Sunday, April 29, 2012

Shimmering Glimpses into Eternity ...

Learning to fully understand the doctrines of the gospel is a process of a lifetime and comes "line upon line, precept upon precept, here a little and there a little (2 Nephi 28:30). As children learn and act upon what they learn, their understanding is expanded, which leads to more learning, more action and an even greater and more enduring understanding.
We can know our children are beginning to understand the doctrine when we see it revealed in their attitudes and actions without external threats or rewards. As our children learn to understand gospel doctrines, they become more self-reliant and more responsible. They become part of the solution to our family challenges and make a positive contribution to the environment of our home and the success of our family. (Cheryl A. Esplin, April 2012, General Conference)
There are a lot of things that I love about being a mom, but some of my favorite moments are those when I can see the girls building the foundations of their eternities. There've been a few of those times lately.

Last weekend, the girls' step mom told them they didn't need to buckle up when they were driving to the store. M told her that her parents always made her buckle and that they'd be upset if she didn't. My 10 yr. old then buckled her seat belt and made sure that her little sister did the same, even though neither her dad nor I were nearby. For a child M's age to do what's right, even when the adult says she doesn't need to, takes a great deal of courage. I was thrilled to see this confirmation that my daughter is growing both strong and wise.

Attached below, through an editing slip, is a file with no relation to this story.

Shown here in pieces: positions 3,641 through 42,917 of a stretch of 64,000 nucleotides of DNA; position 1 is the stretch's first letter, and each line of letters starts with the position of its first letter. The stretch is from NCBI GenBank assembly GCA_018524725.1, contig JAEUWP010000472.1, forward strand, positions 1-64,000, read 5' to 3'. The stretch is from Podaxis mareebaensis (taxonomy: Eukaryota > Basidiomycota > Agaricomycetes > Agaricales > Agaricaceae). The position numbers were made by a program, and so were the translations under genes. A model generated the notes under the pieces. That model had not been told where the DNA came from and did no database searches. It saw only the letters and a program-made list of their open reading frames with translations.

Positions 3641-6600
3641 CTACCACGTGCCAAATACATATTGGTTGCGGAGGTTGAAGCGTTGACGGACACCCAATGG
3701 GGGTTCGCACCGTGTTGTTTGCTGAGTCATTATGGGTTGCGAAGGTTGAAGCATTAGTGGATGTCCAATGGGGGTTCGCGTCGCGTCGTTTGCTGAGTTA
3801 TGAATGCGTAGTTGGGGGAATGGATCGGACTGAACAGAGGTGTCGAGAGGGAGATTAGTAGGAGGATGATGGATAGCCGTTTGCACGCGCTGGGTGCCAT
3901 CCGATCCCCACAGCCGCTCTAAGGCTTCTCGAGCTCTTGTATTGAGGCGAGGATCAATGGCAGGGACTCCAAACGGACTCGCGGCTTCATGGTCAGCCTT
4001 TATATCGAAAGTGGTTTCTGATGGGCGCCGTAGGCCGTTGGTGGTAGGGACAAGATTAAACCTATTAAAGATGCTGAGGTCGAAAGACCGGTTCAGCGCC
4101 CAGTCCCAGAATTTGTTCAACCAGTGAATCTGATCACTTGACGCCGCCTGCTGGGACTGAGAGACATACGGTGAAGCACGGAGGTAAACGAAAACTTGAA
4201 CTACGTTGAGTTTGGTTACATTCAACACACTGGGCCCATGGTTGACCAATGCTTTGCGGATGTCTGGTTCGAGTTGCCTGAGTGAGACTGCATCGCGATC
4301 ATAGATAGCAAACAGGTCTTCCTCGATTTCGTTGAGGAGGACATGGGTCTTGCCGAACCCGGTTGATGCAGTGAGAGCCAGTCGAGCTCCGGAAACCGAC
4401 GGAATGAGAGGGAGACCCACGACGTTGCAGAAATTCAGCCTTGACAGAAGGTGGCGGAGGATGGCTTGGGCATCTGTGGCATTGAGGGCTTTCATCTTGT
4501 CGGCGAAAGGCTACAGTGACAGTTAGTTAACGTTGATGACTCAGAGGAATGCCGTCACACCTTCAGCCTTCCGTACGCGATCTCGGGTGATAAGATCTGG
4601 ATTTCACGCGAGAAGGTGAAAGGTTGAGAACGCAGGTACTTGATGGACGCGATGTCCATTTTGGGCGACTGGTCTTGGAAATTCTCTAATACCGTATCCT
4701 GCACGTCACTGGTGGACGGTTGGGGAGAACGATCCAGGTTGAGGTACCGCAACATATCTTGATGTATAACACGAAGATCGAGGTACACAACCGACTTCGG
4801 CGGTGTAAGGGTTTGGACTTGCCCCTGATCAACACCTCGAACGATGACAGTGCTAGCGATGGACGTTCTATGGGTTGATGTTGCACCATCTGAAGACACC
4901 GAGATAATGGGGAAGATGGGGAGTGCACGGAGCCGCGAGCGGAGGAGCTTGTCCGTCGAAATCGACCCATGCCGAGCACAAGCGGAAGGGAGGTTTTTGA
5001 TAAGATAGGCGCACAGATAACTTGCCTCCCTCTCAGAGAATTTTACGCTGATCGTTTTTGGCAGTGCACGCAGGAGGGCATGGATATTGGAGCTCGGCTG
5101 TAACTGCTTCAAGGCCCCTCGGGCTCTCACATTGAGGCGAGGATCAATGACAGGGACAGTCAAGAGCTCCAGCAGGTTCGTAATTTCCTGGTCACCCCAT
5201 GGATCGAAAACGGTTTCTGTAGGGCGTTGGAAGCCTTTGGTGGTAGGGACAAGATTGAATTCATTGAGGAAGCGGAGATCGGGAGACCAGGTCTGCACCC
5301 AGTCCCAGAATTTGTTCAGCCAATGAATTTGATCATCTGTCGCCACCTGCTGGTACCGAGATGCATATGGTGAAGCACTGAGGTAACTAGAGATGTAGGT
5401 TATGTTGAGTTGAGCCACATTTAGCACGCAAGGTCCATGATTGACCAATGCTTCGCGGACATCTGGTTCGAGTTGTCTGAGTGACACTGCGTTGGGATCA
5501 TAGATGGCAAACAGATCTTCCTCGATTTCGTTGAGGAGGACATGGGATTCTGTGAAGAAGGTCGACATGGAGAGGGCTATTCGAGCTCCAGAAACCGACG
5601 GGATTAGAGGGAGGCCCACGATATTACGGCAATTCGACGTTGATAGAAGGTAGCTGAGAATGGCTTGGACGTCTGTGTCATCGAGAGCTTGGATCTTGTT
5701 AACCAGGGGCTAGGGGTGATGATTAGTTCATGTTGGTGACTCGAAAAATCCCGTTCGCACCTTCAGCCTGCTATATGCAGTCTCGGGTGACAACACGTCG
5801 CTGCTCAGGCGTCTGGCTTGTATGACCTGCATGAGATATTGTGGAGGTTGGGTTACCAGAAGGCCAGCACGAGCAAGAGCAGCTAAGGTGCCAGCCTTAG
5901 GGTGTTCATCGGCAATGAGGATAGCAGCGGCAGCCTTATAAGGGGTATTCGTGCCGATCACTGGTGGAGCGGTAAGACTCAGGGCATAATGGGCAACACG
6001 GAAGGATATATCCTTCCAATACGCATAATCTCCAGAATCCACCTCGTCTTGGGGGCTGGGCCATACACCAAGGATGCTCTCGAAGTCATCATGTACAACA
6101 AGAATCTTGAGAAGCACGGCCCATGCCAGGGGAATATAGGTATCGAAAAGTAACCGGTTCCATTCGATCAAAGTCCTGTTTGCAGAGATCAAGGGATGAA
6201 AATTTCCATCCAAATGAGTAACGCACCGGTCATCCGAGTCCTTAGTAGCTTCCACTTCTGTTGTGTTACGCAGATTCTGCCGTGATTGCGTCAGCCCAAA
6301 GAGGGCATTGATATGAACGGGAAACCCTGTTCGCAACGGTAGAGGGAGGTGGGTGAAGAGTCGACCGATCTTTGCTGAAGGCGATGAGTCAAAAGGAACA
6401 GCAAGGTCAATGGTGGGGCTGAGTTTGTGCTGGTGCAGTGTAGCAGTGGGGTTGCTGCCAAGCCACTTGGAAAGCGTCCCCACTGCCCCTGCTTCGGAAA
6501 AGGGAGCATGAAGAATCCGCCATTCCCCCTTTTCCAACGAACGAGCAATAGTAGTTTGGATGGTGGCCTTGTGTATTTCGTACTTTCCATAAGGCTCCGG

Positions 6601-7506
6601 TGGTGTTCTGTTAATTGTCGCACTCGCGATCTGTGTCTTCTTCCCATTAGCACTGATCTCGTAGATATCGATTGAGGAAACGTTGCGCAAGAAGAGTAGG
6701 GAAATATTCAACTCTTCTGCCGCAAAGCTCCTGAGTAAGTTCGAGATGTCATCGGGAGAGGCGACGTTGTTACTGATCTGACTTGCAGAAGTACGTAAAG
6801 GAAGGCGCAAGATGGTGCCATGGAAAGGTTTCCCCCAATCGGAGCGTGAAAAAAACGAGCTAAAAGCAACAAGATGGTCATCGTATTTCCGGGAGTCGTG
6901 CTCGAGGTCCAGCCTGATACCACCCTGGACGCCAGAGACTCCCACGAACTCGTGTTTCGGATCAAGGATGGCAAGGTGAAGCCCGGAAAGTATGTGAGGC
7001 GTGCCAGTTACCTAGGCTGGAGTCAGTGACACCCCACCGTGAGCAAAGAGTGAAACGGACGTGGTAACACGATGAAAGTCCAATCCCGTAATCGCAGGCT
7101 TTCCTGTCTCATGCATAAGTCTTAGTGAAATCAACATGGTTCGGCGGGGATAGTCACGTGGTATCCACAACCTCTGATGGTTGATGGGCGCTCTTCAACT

Today after church, my kids wanted to watch a movie. M told her sister that since church was over, L could pick any show that she wanted. L asked me if that was true. I said that I'd prefer that she pick a Sunday show. She started to argue with me, so I looked at her and said that it was up to her. I told her she could pick whatever she felt good about, and then I left it alone. A few minutes later, L came up to me holding the movie, 17 Miracles. This is the show that she decided to watch.

Each of my children is learning to make good choices for herself without outside urging. I can see them growing, and it lights my heart. I feel so blessed that God has allowed me to have these sweet girls in my life. I don't know what I did to earn such trust, but I'm thankful God has given me the opportunity to help Him raise these little ones.

Monday, April 16, 2012

The Wisdom of a Child

Yesterday, we had fast and testimony meeting. It's a meeting once a month where members of the congregation can walk to the pulpit and share their feelings about the Savior and His Gospel. It's a time for people to share their own witness of the goodness of God in their own lives. My daughters have found that they love this opportunity.

In her own testimony, my oldest daughter said something profound. Her testimony was short and simple, but she ended it with, "And I know that I am special." Her sweet, simple words seemed to resonate with many of the members of the congregation, because there was a collective "Aww ..." and a few quiet chuckles.